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War of the Whale: Orson Welles meets Melville in ‘Moby Dick Rehearsed,’ playing soon at NIU

February 16, 2011
Clay Blackwell and Charlotte Fox, MFA in acting candidates, appear as Captain Ahab and Pip in Orson Welles’ “Moby Dick Rehearsed.”

Clay Blackwell and Charlotte Fox, MFA in acting candidates, appear as Captain Ahab and Pip in Orson Welles’ “Moby Dick Rehearsed.”

Orson Welles’ “Moby Dick Rehearsed” explores what happens when a theater company attempts to stage Herman Melville’s classic novel without any of the necessary scenery or props.

The NIU School of Theatre and Dance will perform “Moby Dick Rehearsed” from Thursday, Feb. 24 through Sunday, Feb. 27, and Thursday, March 3, through Sunday, March 6.

Welles’ play-within-a-play focuses on the actors rather than stage technology. It opens with a local stage company rehearsing a production of Shakespeare’s “King Lear.”

However, their actor manager shows up and informs them that they will instead be performing a new adaptation of Melville’s novel “Moby Dick.” Despite no props, scenery, a whale, or even a ship, the cast reluctantly agrees to push forward with the new show.

The play is a period piece, set in the year 1904, director Stanton Davis explains. “The theater will look like a theater from 100 years ago. And in a theater of that era, certain actors always played certain character types,” says Davis.

“The change of show is an abrupt shift for the actors,” adds MFA in acting candidate Drew Mierzejewski. “They are beginning a rehearsal of King Lear when suddenly they are stopped flat.”

This switch between shows means that the actors of “Moby Dick Rehearsed” will each be performing as many as four different roles.

“There are a lot of interesting similarities between the characters of King Lear and Moby Dick though,” Mierzejewski says.“The actors are able to channel their ‘King Lear’ characters into their performance of ‘Moby Dick.’”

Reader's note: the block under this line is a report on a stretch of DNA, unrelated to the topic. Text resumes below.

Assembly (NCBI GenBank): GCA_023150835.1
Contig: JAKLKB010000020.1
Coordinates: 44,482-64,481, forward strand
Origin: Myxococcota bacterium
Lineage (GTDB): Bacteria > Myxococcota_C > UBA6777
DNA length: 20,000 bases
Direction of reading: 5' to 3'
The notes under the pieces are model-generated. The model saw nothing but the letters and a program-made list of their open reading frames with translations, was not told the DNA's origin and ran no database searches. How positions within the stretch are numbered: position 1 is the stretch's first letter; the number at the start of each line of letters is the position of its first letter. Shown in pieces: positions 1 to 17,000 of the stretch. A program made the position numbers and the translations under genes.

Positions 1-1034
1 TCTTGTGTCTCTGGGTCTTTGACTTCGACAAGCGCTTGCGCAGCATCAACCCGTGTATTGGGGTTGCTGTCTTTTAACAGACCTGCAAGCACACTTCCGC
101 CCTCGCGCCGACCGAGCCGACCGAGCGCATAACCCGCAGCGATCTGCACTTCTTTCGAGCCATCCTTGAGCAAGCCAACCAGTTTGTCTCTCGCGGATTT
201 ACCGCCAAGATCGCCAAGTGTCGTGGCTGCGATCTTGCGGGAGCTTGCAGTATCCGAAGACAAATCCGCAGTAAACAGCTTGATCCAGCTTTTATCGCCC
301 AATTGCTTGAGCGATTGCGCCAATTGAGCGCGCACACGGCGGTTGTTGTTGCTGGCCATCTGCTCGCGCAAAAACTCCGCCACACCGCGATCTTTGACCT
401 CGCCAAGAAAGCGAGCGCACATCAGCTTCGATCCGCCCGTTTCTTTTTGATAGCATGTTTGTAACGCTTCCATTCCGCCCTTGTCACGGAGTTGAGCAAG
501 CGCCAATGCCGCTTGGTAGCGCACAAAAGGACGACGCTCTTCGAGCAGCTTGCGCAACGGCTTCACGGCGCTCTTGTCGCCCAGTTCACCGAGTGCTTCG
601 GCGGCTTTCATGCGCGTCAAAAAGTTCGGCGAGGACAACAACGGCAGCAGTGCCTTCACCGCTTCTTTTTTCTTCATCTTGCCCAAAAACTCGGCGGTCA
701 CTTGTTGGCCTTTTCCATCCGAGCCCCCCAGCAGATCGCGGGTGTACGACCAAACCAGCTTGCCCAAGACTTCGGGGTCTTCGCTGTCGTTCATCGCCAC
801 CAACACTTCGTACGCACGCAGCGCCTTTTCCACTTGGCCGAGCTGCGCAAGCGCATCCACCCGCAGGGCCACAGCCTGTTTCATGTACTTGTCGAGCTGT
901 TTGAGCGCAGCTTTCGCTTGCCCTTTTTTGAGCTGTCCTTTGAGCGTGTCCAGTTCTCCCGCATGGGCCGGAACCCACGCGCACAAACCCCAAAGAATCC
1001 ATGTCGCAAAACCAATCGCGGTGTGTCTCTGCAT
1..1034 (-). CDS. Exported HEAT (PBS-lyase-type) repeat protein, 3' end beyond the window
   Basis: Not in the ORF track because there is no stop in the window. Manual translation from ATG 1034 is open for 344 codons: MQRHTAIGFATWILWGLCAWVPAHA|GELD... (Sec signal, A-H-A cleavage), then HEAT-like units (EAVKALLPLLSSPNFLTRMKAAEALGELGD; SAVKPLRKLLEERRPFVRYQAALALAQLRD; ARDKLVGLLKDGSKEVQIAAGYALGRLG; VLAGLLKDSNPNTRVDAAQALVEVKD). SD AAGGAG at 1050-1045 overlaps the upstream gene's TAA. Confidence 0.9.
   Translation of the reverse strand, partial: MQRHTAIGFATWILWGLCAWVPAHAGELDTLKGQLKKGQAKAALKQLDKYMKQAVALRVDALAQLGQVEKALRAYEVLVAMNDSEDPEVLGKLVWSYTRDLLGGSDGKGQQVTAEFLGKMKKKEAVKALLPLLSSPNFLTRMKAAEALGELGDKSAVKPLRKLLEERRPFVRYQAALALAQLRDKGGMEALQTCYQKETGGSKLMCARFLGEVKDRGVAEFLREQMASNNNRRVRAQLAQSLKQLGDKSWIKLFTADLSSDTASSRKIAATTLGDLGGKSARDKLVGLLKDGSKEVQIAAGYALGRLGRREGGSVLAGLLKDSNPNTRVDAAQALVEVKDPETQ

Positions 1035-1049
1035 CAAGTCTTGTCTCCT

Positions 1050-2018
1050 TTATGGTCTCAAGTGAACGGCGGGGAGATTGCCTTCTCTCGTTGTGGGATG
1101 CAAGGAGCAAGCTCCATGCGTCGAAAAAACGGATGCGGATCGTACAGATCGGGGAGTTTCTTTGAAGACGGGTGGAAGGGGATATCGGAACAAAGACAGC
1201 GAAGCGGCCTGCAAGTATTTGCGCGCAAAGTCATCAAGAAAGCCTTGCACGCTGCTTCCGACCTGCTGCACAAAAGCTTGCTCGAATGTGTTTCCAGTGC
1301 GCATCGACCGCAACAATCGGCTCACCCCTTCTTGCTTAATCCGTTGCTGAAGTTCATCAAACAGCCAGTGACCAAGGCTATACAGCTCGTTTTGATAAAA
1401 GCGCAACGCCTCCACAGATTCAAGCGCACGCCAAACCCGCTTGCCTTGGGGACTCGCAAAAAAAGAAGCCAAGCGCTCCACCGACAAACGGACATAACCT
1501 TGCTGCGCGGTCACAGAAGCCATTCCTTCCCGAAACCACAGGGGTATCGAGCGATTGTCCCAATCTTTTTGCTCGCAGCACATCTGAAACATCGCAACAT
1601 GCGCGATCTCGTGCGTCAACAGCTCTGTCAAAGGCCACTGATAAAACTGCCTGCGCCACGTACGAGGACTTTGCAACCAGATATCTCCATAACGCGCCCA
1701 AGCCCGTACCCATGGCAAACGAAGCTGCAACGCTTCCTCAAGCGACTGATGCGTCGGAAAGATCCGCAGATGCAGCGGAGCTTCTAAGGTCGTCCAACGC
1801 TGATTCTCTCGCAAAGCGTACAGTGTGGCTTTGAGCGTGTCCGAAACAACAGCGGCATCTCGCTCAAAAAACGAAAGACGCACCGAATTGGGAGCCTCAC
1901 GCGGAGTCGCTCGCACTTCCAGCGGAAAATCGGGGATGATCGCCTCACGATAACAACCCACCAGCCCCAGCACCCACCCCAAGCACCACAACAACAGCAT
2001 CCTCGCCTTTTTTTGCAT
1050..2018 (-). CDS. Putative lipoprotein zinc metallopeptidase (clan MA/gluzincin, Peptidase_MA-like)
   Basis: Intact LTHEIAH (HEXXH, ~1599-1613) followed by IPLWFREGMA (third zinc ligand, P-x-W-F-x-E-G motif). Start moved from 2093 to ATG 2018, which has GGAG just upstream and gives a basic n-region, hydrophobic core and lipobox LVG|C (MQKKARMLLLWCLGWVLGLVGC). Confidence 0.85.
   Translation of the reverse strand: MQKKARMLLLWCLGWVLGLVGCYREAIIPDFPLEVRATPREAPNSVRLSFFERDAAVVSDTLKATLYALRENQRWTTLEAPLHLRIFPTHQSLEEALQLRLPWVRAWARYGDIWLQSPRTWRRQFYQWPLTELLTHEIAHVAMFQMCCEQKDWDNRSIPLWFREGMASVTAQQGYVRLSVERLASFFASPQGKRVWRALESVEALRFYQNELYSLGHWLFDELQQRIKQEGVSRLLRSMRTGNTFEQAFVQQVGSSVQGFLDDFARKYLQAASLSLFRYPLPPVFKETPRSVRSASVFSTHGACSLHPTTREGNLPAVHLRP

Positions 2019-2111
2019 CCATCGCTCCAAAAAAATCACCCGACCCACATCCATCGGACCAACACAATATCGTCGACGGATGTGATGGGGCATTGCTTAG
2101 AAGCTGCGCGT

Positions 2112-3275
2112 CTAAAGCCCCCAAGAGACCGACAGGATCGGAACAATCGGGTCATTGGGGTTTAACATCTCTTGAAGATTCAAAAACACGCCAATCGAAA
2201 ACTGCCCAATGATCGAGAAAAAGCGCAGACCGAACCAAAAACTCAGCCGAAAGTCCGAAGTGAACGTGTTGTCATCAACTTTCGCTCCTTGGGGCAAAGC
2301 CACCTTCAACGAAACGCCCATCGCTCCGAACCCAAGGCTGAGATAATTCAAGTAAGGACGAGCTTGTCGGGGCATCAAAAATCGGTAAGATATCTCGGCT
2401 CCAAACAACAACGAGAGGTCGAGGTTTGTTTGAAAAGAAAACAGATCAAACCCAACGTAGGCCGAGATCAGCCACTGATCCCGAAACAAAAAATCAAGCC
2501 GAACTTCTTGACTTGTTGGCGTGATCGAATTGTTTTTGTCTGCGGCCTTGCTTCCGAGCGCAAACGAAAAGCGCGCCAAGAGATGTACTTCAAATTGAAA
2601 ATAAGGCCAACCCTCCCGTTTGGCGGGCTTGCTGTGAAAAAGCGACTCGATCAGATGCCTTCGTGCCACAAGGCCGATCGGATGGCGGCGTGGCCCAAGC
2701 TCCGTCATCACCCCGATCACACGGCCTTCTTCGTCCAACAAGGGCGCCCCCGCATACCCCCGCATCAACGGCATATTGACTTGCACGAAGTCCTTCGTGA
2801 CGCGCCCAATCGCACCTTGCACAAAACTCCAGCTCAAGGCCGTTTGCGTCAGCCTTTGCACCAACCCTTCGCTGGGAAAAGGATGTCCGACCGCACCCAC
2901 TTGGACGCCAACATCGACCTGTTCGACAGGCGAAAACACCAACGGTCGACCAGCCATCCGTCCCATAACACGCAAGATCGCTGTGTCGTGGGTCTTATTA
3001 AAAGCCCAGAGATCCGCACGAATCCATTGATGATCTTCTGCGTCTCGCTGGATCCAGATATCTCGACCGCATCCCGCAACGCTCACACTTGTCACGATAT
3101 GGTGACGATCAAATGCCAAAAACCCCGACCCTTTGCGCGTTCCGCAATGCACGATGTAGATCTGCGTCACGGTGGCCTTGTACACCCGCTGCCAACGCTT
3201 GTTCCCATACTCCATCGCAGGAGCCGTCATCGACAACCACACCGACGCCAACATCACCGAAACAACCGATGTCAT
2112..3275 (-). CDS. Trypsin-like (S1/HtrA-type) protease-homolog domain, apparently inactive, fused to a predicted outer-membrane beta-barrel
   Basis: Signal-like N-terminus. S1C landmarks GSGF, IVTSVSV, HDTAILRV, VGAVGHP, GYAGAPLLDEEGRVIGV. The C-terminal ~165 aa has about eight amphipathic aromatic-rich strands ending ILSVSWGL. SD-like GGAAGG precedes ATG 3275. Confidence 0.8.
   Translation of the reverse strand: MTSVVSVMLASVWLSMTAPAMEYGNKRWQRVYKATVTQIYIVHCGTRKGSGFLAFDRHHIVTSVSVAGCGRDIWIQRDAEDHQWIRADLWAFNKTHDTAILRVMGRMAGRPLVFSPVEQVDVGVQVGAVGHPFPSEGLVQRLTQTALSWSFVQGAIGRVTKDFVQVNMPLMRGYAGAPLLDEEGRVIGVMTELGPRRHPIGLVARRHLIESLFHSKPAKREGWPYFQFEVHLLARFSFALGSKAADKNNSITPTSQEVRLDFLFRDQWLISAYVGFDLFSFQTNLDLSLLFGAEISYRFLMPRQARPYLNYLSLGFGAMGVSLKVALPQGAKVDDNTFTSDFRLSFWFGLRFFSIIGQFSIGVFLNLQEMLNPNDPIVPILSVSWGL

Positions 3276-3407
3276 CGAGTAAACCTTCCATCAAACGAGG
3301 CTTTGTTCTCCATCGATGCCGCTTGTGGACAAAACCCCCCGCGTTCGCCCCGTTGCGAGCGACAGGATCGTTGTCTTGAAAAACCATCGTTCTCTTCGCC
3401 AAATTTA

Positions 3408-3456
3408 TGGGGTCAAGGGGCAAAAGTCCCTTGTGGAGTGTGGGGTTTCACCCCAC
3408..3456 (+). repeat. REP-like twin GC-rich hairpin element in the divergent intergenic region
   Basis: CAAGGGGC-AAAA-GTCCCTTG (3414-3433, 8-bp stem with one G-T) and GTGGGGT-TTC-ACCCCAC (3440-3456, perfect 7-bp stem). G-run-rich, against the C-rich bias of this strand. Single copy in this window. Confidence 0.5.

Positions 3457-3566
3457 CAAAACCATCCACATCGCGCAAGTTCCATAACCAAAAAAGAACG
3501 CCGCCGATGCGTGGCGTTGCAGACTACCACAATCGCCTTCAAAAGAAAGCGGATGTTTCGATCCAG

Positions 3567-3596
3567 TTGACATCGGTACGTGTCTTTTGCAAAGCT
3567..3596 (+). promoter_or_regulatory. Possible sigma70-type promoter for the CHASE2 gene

As the actors assemble the play, they are forced to improvise the props out of the items that would have been on hand in the theater. “As the actors stumble around the play, the story sort of becomes the story of Moby Dick,” Davis says.

“The show is a rip-roaring adventure. It is a play with a monster in it, after all,” he says. “Orson Welles’ adaptation captures the essence of the story while making the play more exciting and immediate than the novel.”

The show also will feature a musical aspect. Davis has included a number of songs that were specifically named in Welles’ script, as well as some old sea shanties from the period.

“Moby Dick Rehearsed” will be performed on the stage of the O’Connell Theatre in the Stevens Building on the DeKalb campus. The show times are 7:30 p.m. weeknights and Saturdays and 2 p.m. Sundays.

Tickets are on sale now and can be purchased from the Stevens Building box office in the lobby of the Stevens Building. Ticket prices are $15 for adults, $12 for seniors and $8 for students. The box office is open from noon to 5 p.m. Monday through Thursday, from noon to 2 p.m. Friday and one hour before show times. Tickets also can be purchased online.

For more information, call the box office at (815) 753-1600.